Why investors are choosing Morocco over South Africa

South Africa continues to slide down the rankings of African nations that are most appealing to investors, now third on the continent.

Rand Merchant Bank has published its latest Where to Invest in Africa report, which aims to identify the African markets that provide the best investment opportunities.

The report shows a marked improvement in countries that are not typically perceived as strong investment destinations. This year, Guinea, Mozambique and Djibouti recorded the strongest gains in the rankings, with notable advancements in their operating environments.

However, there were also notable moves on the downside, with typically high-investment countries either stagnating or outright deteriorating in one or more aspects of RMB’s methodology.

South Africa, Ethiopia and Tanzania are among the more prominent countries to have taken a tumble, the group said. A deterioration in the ease of doing business has contributed to their relative underperformance and, in addition, South Africa is enduring a cyclical downturn.

Tanzania dropped out of the top 10 destinations, entirely.

South Africa is ranked as the top investment destination in Africa from 2011, when the report was first published, through to 2016. In 2017, South Africa dropped to second, losing its place to Egypt.

This was due mainly to sluggish GDP growth rates and mounting concerns over issues of institutional strength and governance at the time.

Those concerns have not gone away, with South Africa ceding its second-place position to Morocco.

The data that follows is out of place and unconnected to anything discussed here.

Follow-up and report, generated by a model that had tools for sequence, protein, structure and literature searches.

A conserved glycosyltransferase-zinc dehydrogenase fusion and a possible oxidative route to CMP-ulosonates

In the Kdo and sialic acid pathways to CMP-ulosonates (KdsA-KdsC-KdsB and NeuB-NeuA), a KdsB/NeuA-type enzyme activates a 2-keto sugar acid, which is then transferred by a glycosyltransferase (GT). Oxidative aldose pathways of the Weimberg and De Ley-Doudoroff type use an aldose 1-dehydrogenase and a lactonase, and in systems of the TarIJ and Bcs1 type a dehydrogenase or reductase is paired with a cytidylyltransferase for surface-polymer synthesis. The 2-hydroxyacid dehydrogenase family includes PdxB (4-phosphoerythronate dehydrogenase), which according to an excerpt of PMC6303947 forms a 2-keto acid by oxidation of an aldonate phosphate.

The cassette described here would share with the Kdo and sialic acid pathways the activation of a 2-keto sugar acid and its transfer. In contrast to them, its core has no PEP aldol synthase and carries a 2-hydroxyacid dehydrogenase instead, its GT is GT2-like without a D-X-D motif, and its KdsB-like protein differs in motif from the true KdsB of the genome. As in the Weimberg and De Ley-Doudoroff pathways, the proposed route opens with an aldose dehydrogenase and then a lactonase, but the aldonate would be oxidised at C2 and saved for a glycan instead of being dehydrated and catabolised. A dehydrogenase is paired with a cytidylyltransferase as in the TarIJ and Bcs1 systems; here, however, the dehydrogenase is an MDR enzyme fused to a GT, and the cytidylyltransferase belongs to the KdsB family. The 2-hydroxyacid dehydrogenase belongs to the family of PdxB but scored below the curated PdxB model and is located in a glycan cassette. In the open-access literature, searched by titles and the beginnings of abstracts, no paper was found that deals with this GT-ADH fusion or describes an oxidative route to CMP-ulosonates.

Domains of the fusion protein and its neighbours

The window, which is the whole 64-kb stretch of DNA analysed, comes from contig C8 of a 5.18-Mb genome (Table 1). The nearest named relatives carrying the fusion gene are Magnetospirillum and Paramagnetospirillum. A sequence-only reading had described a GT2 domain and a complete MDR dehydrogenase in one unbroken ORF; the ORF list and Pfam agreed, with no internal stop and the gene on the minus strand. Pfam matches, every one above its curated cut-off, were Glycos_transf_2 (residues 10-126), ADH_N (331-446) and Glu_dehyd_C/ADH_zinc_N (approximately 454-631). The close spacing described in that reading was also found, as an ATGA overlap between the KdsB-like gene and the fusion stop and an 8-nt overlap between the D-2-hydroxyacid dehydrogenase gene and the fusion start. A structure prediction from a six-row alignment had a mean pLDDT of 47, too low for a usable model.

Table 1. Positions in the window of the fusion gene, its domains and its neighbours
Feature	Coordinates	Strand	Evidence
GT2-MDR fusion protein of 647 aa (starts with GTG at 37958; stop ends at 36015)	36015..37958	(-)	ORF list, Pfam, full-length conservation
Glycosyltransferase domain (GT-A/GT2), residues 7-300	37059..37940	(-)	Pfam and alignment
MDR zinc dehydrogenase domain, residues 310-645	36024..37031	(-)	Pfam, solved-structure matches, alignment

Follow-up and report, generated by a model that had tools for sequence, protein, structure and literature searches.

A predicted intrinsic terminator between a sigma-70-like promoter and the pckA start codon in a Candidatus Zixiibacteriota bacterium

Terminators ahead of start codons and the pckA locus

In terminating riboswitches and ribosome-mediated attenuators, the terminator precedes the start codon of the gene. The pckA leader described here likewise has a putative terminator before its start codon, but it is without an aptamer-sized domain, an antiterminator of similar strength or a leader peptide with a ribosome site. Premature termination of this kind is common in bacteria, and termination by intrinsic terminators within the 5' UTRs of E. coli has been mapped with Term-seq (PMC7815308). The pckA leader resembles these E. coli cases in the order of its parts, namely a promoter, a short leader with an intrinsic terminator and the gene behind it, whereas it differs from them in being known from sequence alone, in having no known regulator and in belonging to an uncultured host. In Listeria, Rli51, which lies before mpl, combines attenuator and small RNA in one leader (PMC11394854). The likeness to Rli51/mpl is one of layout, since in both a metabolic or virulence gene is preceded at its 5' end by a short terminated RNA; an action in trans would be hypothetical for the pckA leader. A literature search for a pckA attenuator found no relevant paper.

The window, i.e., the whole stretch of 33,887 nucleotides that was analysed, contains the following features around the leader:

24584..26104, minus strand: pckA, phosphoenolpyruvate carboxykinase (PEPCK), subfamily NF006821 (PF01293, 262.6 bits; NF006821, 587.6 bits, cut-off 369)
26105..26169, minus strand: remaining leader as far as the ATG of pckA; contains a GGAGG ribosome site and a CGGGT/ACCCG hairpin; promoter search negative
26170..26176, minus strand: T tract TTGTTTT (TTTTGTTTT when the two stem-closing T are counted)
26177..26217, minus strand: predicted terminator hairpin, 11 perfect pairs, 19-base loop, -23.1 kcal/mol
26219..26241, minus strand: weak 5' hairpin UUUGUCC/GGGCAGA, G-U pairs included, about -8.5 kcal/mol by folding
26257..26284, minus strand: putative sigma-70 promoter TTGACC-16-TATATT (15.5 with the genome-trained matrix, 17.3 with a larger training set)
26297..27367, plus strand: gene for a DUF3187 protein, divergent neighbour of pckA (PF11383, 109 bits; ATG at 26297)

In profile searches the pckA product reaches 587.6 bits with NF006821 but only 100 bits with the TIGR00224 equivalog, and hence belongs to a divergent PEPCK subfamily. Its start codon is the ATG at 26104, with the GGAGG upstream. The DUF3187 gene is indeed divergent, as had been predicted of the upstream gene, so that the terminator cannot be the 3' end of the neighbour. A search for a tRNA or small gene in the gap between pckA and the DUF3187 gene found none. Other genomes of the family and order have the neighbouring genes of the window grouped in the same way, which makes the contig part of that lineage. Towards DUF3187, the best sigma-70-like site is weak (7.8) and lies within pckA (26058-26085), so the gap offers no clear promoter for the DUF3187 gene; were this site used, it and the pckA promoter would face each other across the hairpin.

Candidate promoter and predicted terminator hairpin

“While only Africa’s fifth-largest market, Morocco’s expected growth rate of 4% over the medium term and its greatly-enhanced operating environment has served the country well since the Arab Spring. Its reintegration into the African Union and accession to the Economic Community of West African States have enhanced its investment appeal,” RMB said.

According to RMB Celeste Fauconnier, co-author of the report, after South Africa, Morocco has the most diversified investment opportunities on the continent, and has over the last few years boosted investment opportunities through many business environment changes.

Economic growth is also expected – above 5%.

“South Africa’s growth rates, meanwhile, have not been doing very well,” Fauconnier said.

“South Africa has slipped another place in this year’s rankings, stymied by depressed levels of growth and a lack of structural reform.

“Yet it remains Africa’s hotspot for portfolio investment. With many countries facing severe liquidity constraints, South Africa’s financial markets and level of financial inclusion are still a cut above the rest,” RMB said.

Egypt retained the top spot due to the enormity of its market, paired with a sophisticated business sector relative to other countries.

“The improvement in Egypt’s business environment, facilitated through government programmes, combined with the progressive increase in investment from the private sector has enhanced economic growth and assisted in repositioning Egypt on the global investment map,” RMB said.

The investment index is compiled by looking at two major indicators – economic activity (growth rates being a key factor, as well as market size) and the business environment (the ease of doing business and investing in a country).

RMB sources its own data as well as using global surveys and reports to compile its rankings.

These are the top 10:

  1. Egypt
  2. Morocco
  3. South Africa
  4. Kenya
  5. Rwanda
  6. Ghana
  7. Cote d’Ivoire
  8. Nigeria
  9. Ethiopia
  10. Tunisia

Read: South Africa’s inflation rate rose more than forecast in August

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Why investors are choosing Morocco over South Africa